Chile is a long country, an entire 4630km from north to south. But the country at its widest is not more than 430km. Like the majority of South America, the official language in Chile is Spanish. Dropping by Chile was considerably shorter than planned. As a result of delays in Peru, we unfortunately did not visit Santiago either. Santiago is the capital of Chile and houses just short of 5 million inhabitants and is located in central Chile.
As you can see in the pictures, Stig has now passed through a large part of northern Chile, very dry and dominated by desert landscape. It is the driest nonpolar place in the world, the Atacama desert. The average rainfall for the whole area is 15mm compared to Bergen with 2250mm- it is no wonder that several weather stations in the desert have never recorded rainfall at all. Atacama desert is so unique that NASA among others use the area to test Equipment intended for expeditions to Mars. Because of the low rainfall, there are almost never any clouds, with more than 300 cloudless nights a year. Atacama is therefore a very popular spot for stargazing; ESA and NASA have consequently a number of important observatories in the area.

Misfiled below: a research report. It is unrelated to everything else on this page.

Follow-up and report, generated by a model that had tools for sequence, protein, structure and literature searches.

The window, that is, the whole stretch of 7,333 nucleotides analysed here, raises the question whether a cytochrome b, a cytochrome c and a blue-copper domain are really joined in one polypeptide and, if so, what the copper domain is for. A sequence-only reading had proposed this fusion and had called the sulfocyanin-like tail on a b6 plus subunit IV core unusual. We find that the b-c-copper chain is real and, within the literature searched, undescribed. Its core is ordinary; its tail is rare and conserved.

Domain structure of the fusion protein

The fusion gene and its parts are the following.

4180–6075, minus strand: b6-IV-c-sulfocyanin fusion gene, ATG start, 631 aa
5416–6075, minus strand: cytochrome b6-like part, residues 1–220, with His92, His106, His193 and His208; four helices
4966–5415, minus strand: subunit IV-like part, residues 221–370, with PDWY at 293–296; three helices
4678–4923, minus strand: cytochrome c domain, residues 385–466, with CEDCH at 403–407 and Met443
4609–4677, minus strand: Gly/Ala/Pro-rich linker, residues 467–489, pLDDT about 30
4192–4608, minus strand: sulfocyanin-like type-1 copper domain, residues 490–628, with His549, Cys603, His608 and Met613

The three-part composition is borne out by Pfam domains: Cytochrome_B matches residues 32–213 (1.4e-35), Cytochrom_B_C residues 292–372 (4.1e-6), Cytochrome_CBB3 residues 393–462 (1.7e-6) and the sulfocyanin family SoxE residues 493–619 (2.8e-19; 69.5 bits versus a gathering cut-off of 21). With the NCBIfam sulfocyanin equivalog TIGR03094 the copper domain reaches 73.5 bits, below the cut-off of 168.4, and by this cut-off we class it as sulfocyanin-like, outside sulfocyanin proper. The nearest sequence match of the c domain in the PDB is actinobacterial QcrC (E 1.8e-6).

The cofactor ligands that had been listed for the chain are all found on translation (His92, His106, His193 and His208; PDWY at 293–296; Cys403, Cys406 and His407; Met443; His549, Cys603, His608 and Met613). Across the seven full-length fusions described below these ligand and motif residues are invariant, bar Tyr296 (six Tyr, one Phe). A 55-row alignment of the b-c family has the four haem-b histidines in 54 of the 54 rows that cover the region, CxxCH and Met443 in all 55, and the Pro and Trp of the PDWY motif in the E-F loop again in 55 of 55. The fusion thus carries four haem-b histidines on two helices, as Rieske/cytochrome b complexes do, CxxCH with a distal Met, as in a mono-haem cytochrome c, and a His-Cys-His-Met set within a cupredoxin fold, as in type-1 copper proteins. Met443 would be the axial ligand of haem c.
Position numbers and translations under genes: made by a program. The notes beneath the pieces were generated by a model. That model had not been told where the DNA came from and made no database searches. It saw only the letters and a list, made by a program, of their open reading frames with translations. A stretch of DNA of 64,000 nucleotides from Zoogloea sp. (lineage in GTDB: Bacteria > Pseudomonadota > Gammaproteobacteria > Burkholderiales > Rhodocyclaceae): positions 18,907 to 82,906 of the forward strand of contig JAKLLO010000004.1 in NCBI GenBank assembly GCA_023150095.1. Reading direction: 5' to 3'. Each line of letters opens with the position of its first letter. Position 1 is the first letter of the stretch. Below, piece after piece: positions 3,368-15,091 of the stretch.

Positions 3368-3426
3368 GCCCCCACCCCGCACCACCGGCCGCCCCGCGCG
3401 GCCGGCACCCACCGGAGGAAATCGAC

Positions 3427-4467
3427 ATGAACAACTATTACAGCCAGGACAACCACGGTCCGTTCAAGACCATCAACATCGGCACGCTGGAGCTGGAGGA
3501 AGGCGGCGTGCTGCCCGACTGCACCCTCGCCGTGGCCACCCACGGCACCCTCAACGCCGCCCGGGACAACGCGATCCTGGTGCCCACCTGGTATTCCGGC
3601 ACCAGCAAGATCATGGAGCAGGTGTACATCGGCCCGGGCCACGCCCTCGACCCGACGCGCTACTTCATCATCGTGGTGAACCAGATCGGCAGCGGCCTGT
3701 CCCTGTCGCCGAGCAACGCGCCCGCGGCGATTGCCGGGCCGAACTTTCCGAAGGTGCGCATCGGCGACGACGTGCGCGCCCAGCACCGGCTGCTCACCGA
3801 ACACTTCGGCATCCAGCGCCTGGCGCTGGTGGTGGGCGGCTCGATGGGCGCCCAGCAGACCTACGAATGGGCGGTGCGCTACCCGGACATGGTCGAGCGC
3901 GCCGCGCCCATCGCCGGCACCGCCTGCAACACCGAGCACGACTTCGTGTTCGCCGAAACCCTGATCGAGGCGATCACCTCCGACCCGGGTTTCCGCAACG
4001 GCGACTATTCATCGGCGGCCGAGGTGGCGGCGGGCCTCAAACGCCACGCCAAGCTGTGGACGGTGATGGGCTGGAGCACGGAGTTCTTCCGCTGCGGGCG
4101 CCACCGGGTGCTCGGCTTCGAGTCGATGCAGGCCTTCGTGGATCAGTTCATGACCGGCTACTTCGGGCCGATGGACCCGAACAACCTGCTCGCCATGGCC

Stig talks about his journey through the Atacama and the Andes to Bolivia. We will return to the Andes at a later date, when Stig goes on his journey around South America. He has to cross this vast mountain range several times.
"If you get stopped by a policeman, never try to give him money! This is Chile, it's not like Peru."
We stood on the border between Peru and Chile when a pleasant and interested customs official told us that Chile is a country with low crime and no corruption. Not like their "poor neighbours" in the north and east. Good to know ... Because of the delays with the car, we unfortunately couldn’t spend as much time in Chile before we had to start climbing over the Andes to Bolivia, but we managed to go to a carnival and otherwise got a very good impression of the country. Chile is far more developed than Peru. Their GDP is almost 2.5 times over the Incan north country and a whole 6 times more than Bolivia.
Chile’s desert is the world's driest. We crossed part of this before the Andes lay ahead. The car had to work hard to travel upwards, although saying that, both the driver and passenger were breathless too. At the highest, we drove over 4353 metres above sea level, and not too many miles from the coast. The roads in Chile are very good- however this can not be said for all the roads in Bolivia. Admittedly they are building "everywhere" and it will probably be good when they are finished, in a few years ... Unfortunately for us, we are a few years too early and have been on so many bad roads.Do you have tips for Stig about places he should see or visit, or restaurants he should try? You can send us an email to email@example.com or firstname.lastname@example.org. Click here to follow Stig's route in Google maps.